Here we are on February 1. We are fully into 2010 -- past the time when we are wishing one another a happy new year. We're getting down to business. We're also past January, which is the month of trade shows and awards. In the past 30 days, the Consumer Electronics industry had their big shindig in Las Vegas, the musical instrument business had it's major annual conference in L.A., the independent film business gathered in Park City, Golden Globes were awarded, Grammys were awarded, the DGA honored directors -- the list goes on.
So what do we know as a result and how does it help us? Here's a short (and certainly not comprehensive) list:
1. We know that 3D is a huge phenomenon. Will it last? Probably, but it remains to be seen. In the meantime, Avatar is the biggest film ever in terms of box office dollars, and the CES show was all about 3D technology for the home. At the Grammys last night, the audience wore their 3D glasses without shame. The technology has emerged from the nerd closet and become a part of the ubiquitous mainstream.
This creates big opportunities to capitalize on this phenomenon. Everything from cool 3D glasses for the home to 3D networks to low-cost 3D remakes of classic content. There is a lot of money to be made in the next few years by riding the 3D wave.
2. Distribution continues to decentralize. There are a plethora of small, specialty content distributors coming alive and many of them will do well. The music business has showed us that technology gives power back to the artists. When you can reach your audience directly, you don't need to pay a huge premium to large companies for market access. Bad news for the huge companies, but probably a net positive for the artists and the audience. There is infinitely more music to choose from than 10 years ago, and there are more artists making a living. They aren't getting rich, but many small, specialty artists are actually able to survive through their art. That is very different than it used to be.
And the same phenomenon is coming to film. The DVD is in its final cycle before it dies all together. Blu-Rey is nice, but it will also eventually go away. Filmmakers are creating quality content for a fraction of what it used to cost. The artists are gaining access and control; it is the same pattern as seen in the music industry. Make no mistake -- if you want to make a living as an independent producer, now is a very good time to be getting into it. You may not make the gazillions enjoyed by the successful producers of the past couple of decades, but you will be able to live a nice life from your art.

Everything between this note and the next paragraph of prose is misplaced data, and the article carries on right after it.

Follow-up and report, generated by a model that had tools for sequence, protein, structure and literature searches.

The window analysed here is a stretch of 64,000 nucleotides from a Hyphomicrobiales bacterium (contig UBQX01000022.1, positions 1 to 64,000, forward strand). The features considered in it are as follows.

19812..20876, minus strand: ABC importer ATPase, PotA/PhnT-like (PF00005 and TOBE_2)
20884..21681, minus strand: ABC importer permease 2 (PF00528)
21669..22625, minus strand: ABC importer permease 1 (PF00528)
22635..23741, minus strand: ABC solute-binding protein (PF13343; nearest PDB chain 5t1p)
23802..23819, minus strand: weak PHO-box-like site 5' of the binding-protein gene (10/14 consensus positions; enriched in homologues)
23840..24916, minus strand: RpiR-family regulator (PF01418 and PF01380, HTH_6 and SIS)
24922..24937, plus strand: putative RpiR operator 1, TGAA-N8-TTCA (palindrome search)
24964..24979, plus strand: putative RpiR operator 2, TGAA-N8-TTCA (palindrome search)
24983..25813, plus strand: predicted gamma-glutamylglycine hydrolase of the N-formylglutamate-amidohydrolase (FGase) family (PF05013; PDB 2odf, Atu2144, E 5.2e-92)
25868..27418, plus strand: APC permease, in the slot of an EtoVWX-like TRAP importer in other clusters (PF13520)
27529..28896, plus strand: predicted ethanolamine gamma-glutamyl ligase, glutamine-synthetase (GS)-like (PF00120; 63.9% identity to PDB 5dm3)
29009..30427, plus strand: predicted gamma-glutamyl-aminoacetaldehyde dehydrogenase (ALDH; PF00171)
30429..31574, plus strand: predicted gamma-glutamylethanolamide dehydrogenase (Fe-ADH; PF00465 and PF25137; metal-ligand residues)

3. The world is becoming one market. More than ever before, we are all gaining access to the world market. -- and the world's money. Companies all over the world (like Reliance, for example) are investing in U.S. content and companies. And international sales of films and other content is becoming an increasingly important part of the overall financial picture, even for smaller films. When something catches on, it doesn't stop at the coasts of North America. It is as easy to find an online audience in England or Norway or Japan or even China as it is to reach people in Chicago or Denver.
Of course, the real challenge is still in finding business models that will work in this new environment. Advertising dollars are big, but limited. Online commerce is a better model, but the value of content online is clearly much lower than in a physical environment. But it is also less expensive to create the content, so technology has delivered both the problem and the solution. And for consumers, that means a lot more choice. But with that choice, marketers face the challenge of rising above the din to find an audience.
That's enough for now. It is enough to spin your head. Suffice it to say that it is a completely new world and many people will continue to gain wealth in this new environment. Keep your head up and look for the opportunities, and there is nothing to stop you from being among the new crop of winners.